Sensory Bin play has become a popular activity for therapy and for moms with toddlers. Not only are sensory bins fun and will provide opportunities for sensory exploration, but children benefit from new vocabulary (“crunch!” “hidden”, “poke!’ etc.) and chances for creative and imaginative play. Fine motor skills are also targeted through sensory bin play like grading, grasping, pincer grasping, etc. Gross motor skills are also utilized with sensory bins like stabilizing their core to stand or sit near the bins, scooping, and spreading while balancing.
Let’s get started! The possibilities are endless and you can make sensory bins easily with things you probably already have around the house. To get ready, you’ll need:
- Any bin. I’ve used rectangular shaped storage bins and small inflatable pools.
- Any surface. You can put your bins on a table or purchase a sensory bin table already made. We love our Ikea Sensory Bin table. I have also seen some on Etsy. I’ve also used my son’s high-chair or the table in my treatment room.
Tip: Use a blanket under your bin to easily shake off outside post play. If possible, you could take the bin outside and play there! I gently remind my son to please keep toys inside the bin and to not make a big mess. At least a small mess will undoubtedly happen, so my son and my clients help clean up! We make it part of the fun.
Now let’s talk about Taste-Safe Sensory Bin Fillers because the thought of watching a client put a fist full of water beads in his mouth does NOT sound fun for anyone.
I have used taste-safe sensory bin fillers for my son recently because he is at the stage of putting everything in his mouth. I also always use taste-safe bins with new clients because it keeps the focus on communication and play rather than the need to say “no mouth” 50 times in a session. Mouth exploration for sensory input (taste, sight, sound, smell, texture) is a normal developmental process and beneficial for sensory growth for toddlers. Any child with sensory deficits could benefit from taste-safe sensory bin fillers.
Here are some of my favorite Taste-Safe Sensory Bin Fillers:
- Yogurt and cornstarch mix makes edible playdough
- Homemade finger paint (mix equal parts flour and water and add food coloring)
- Cloud dough (flour + baby oil or, infant rice cereal + coconut oil)
- Oobleck (cornstarch + water in about equal parts)
- Baking soda and vinegar (add a little food coloring to the vinegar and use droppers)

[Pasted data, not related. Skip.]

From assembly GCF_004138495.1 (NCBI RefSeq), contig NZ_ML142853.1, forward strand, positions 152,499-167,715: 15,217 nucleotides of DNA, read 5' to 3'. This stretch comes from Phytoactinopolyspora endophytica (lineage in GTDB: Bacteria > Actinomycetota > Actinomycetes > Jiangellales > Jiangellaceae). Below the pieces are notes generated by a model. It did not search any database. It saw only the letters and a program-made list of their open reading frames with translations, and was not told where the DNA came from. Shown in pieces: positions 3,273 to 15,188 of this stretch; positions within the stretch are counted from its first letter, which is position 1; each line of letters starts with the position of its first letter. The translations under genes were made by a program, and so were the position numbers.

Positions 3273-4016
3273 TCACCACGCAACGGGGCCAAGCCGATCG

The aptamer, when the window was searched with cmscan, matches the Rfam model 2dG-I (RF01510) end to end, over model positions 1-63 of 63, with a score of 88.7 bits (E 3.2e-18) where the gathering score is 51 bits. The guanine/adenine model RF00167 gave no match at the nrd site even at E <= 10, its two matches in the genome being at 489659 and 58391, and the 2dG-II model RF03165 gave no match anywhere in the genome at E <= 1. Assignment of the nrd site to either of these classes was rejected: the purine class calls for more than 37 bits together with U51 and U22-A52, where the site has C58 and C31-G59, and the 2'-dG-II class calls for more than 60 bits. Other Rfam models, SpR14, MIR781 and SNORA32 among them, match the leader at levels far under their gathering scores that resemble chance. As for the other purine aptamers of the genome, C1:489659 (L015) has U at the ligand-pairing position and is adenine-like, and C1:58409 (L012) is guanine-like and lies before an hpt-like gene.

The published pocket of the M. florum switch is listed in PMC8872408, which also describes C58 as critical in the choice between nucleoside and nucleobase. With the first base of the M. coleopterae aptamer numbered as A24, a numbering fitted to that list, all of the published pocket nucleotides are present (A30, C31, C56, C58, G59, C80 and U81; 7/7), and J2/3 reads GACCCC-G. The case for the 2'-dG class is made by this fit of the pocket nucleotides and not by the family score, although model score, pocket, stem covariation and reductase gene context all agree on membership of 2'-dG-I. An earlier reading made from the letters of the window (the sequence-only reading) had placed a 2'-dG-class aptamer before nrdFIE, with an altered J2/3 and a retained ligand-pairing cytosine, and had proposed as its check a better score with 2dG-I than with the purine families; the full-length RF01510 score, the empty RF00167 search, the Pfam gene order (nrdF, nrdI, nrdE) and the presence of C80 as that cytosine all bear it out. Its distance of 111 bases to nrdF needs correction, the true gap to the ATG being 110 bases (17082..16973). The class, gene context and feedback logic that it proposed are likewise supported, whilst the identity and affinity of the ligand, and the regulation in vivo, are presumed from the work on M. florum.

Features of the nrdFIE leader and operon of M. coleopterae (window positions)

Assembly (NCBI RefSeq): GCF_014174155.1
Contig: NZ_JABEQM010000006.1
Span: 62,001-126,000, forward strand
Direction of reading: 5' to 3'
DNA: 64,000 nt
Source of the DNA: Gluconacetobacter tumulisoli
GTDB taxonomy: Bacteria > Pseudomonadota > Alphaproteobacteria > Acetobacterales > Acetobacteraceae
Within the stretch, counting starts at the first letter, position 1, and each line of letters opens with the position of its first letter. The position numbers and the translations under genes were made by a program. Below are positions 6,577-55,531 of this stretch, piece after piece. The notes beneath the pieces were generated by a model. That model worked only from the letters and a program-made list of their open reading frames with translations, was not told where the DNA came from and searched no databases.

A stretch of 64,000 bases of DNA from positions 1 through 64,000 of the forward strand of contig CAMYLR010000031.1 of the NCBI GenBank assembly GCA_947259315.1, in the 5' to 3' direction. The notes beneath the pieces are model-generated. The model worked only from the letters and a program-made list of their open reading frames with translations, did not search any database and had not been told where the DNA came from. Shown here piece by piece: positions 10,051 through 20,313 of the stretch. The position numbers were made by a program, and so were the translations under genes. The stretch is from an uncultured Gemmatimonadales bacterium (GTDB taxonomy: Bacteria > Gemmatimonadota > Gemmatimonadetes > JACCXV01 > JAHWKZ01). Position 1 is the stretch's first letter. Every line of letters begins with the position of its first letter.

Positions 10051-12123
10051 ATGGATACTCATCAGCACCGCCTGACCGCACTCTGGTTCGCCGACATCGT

- Peeled hard-boiled eggs
- Tapioca (large “bubble tea” tapioca pearls are just like water beads, but safe to eat)
- Bread dough (then, bake your creation!)
- Pudding, yogurt, applesauce, or baby food as “finger paint” on a piece of waxed or parchment paper
- Dry cereal
- Rice Krispies are a fun, contrasting texture
- Blend or roughly chop some fruit loops
- Tint vanilla pudding or yogurt with food coloring, Kool-Aid mix, or Jello mix
- Use cooked pasta as your paintbrush (bowtie pasta is a great shape for this)
- Sweetened condensed milk and food coloring make a paint that dries shiny
- Cooked grains (like quinoa) and pasta of different shapes (add olive oil for a different texture)
- Freeze juice in Jello molds or ice cube trays and build with the blocks
- Jello: hide a few toys inside before or after it sets
- Cut fruit in half or make shapes out of pieces of potato (using a small cookie cutter) to make prints with non-toxic paint
- Whipped cream or cool whip
- Mashed potatoes (homemade or from a mix) and potato flakes (dry or wet)
Tip: If you’re doing therapy, have enough of these materials on hand to toss out after each session, so I recommend using a smaller container.
And finally, objects! Preferably add easy to wash objects and objects that won’t be ruined by foods, soap, and water. My favorite are things I can throw in the dishwasher once we’re done like:
- Measuring spoons
- Toy trucks and cars
- Frozen ice cubes in fun shapes
- Plastic toys (sea creatures, jungle animals, farm animals, insects, etc.)
- Paint brushes
Therapists, since the possibilities are endless for taste-safe sensory bin fillers, it often helps to stick with a theme or materials that would go along with a book. For example:
- If your theme for the week is beach, you could use cornmeal as sand, dyed blue jello as water with sea creatures submerged in the jello.
- If you are reading The Three Little Pigs, click here to see how we recommend using a sensory bin for that popular children’s book. In place of hay, you could use veggie straws!
- If it’s near winter, you could use “snow” made from baking soda and water. Add a drop of peppermint essential oil for an olfactory input.
- Have clients or your own kids who are picky eaters? Taste-safe sensory bin fillers can help them get closer to eating. The more sensory exploration in a safe and fun environment, the more likely they are to explore with their mouths and eventually trial new foods.
You can follow @speechroomnews on instagram for photos of other Taste-safe sensory bin fillers as I share ideas as my son grows.
What are some of your favorite taste-safe sensory bin fillers and how do you use them in therapy?
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